When lenders look at finance applications, there are differences in their approach depending on whether the potential buyer is looking to purchase anversus buying a property to live in. One of the most tried and tested ways to get into the property market as an investor is to buy as an owner-occupier and then turn that property into an investment. The advantages of doing this are that the barriers to entry into your first property are far lower.
Advantages of Buying as an Owner Occupier
The first significant advantage of buying as an owner-occupier is that you can be eligible to pay low or no stamp duty. In most cases, it is possible to get the First Homeowners Grant. If you meet specific requirements, you can claim a first home concession for transfer duty when acquiring your first residence. However, some requirements regarding this scheme differ fromto state within Australia. Check on your local government website for more information. Lenders’ Mortgage Insurance (LMI) is the other big-ticket issue for property buyers. LMI applies to loans where the purchaser wishes to take out a loan with less than a 20% deposit saved. This fee is quite costly and can often cost tens of thousands.
A way to avoid this is to use a guarantor loan, which in most cases involves parents, who effectively put up equity in their own home so that you can use it as a deposit. Getting a 100% loan is sometimes possible, meaning no money is deposited. However, these are rare as they are considered a much
To access these loans and incentives, you must as an owner-occupier for 12 months after purchasing the property. Afterward, you can move out and . If you are buying in a high-growth area, you might even see an equity uplift that you can access to buy your next property.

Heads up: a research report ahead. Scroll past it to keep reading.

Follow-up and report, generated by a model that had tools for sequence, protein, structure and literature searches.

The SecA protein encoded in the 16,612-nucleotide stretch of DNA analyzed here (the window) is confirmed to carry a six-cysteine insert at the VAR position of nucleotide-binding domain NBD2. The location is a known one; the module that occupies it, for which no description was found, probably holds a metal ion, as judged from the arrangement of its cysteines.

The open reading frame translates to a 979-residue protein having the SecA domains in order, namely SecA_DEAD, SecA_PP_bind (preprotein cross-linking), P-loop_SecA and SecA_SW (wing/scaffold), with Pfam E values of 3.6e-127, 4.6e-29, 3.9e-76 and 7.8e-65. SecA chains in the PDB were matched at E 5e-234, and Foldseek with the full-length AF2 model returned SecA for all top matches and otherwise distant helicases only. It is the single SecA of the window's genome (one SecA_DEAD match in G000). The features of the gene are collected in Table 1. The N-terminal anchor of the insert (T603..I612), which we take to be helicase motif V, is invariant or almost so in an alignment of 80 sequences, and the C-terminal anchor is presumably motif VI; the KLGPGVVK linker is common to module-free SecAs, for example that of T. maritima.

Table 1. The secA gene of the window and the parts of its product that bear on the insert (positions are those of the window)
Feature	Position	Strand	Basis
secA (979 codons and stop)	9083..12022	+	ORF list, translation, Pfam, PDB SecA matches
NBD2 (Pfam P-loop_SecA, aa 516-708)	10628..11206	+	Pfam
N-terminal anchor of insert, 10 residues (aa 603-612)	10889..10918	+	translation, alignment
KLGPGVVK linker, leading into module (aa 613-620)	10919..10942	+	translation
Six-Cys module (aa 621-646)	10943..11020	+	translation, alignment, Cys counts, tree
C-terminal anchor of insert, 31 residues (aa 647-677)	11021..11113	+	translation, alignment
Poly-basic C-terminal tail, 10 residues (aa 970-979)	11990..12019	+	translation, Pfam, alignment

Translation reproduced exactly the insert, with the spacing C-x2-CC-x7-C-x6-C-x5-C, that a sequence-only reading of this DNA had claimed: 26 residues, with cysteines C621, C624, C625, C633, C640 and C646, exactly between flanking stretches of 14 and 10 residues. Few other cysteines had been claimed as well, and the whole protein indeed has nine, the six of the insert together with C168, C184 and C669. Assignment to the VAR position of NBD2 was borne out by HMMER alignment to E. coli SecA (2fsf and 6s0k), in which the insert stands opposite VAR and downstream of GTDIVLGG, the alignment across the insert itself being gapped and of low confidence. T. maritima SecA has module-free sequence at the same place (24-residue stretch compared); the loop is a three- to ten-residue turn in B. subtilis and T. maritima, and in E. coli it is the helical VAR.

Lenders like to see savings as it suggests you manage money well. When you buy a property, lenders look at your savings and how much you can afford to borrow based on your income and expenses. However, each lender analyses these savings differently. Some lenders might consider those genuine savings if you take out a large personal loan to cover stamp duty and a deposit and leave that money in your account for three months. Assuming you can service what would effectively be a 105% LVR, this could be a strategy that could work for people in some circumstances.
It’s possible to buy apartments or homes off the plan, and because the property will not be built for some time, you might onlyto pay the initial deposit upfront. While this is typically something like 10%, this will still be lower than other . Stamp duty can sometimes be delayed (or exempt), but it’s essential to check on a state-by-state level.